It may seem as though we’ve made it – from discovering that lightening is electricity, to harnessing electricity in batteries, surely light is the next plausible step, right? Fortunately for Edison and a few others, we have about 100 years of thresholds to cross before we get to electric light bulbs however; and fortunately for me and other writers on this topic, many of them come from one key figure: Joseph Henry.
Joseph Henry was born in New York right at the end of the eighteenth century (1797) to poor, Scottish parents – making his feats in science all the more remarkable. Building upon Alessandro Volta’s battery, as well as William Sturgeon’s electromagnet, he was able to “insulate wire around a ferrous core to make an extremely powerful electromagnet” (https://edisontechcenter.org/JosephHenry.html – for a more detailed look at his life and his many inventions, check out this link as well as the corresponding YouTube links within, which demonstrate how these innovations came together!). For example, according to edisontechcenter.com,
“Joseph Henry took what he had learned a step further and in 1831, created one of the first machines to use electromagnetism for motion. This was the one of the earliest ancestors of the modern DC motor. It didn’t make use of rotating motion, but was merely an electromagnet perched on a pole, rocking back and forth. The rocking motion was caused by on of the two leads on both ends of the magnet rocker touching one of the two battery cells, causing a polarity change, and rocking the opposite direction until the other two leads hit the other battery. Henry’s work on motors allowed Thomas Davenport to invent the first real electric motor in 1834. Davenport used his motor to operated a small model car and train. This helped lead to street cars developed by Frank Sprague and the Electric Car.”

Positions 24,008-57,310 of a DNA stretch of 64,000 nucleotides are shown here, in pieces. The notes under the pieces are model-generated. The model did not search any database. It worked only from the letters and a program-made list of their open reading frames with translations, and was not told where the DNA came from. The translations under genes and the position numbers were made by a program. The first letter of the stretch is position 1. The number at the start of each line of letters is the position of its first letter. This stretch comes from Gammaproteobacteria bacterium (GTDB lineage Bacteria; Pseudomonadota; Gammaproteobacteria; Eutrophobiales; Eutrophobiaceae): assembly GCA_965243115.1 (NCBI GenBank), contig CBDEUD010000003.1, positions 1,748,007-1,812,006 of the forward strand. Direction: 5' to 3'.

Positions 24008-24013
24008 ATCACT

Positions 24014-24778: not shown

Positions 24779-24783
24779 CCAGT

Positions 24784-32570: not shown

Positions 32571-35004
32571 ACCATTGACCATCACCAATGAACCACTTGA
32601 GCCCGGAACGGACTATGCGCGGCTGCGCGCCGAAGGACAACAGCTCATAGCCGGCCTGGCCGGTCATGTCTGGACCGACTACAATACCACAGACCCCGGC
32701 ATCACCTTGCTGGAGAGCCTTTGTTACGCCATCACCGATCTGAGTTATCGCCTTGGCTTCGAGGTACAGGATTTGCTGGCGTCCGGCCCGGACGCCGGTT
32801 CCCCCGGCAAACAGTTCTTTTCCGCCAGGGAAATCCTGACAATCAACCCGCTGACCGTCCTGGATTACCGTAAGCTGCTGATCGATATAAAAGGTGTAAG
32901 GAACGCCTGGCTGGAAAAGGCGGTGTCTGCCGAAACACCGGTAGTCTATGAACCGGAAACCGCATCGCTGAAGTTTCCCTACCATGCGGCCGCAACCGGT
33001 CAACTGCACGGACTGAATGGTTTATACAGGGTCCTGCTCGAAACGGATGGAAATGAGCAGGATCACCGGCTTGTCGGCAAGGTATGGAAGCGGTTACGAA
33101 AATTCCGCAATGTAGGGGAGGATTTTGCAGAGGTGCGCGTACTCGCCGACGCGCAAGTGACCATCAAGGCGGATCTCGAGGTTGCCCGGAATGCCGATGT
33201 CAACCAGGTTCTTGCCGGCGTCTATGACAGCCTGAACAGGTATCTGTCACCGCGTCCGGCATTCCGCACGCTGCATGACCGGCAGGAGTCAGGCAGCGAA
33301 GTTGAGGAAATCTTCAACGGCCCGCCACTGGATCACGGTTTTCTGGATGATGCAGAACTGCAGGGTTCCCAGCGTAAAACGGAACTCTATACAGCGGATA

Check it out here: https://www.si.edu/object/joseph-henry-constructs-electric-motor:siris_sic_12452?edan_q=Joseph%20Henry%20inventions&destination=/search/collection-images&searchResults=1&id=siris_sic_12452
This marvel allowed another recognizable inventor to create the first “telephone”, also known as, the telegraph: Samuel F.B. Morse. By sending power through long wires, while using Henry’s “intensity batteries,” Morse and his colleagues were able to send electrical signals over long distances – in fact, “In addition to helping invent the telegraph, Samuel Morse developed a code (bearing his name) that assigned a set of dots and dashes to each letter of the English alphabet and allowed for the simple transmission of complex messages across telegraph lines. In 1844, Morse sent his first telegraph message, from Washington, D.C., to Baltimore, Maryland” (https://www.history.com/topics/inventions/telegraph).
These inventions gave rise to the very first electric light, and “in 1835, the first constant electric light was demonstrated, and for the next 40 years, scientists around the world worked on the incandescent lamp, tinkering with the filament (the part of the bulb that produces light when heated by an electrical current) and the bulb’s atmosphere” (https://www.energy.gov/articles/history-light-bulb#:~:text=Incandescent%20Bulbs%20Light%20the%20Way,possible%20with%20the%20arc%20lamp.)
Now comes the tricky part as there is some debate as to whom the credit goes for the very first electric light –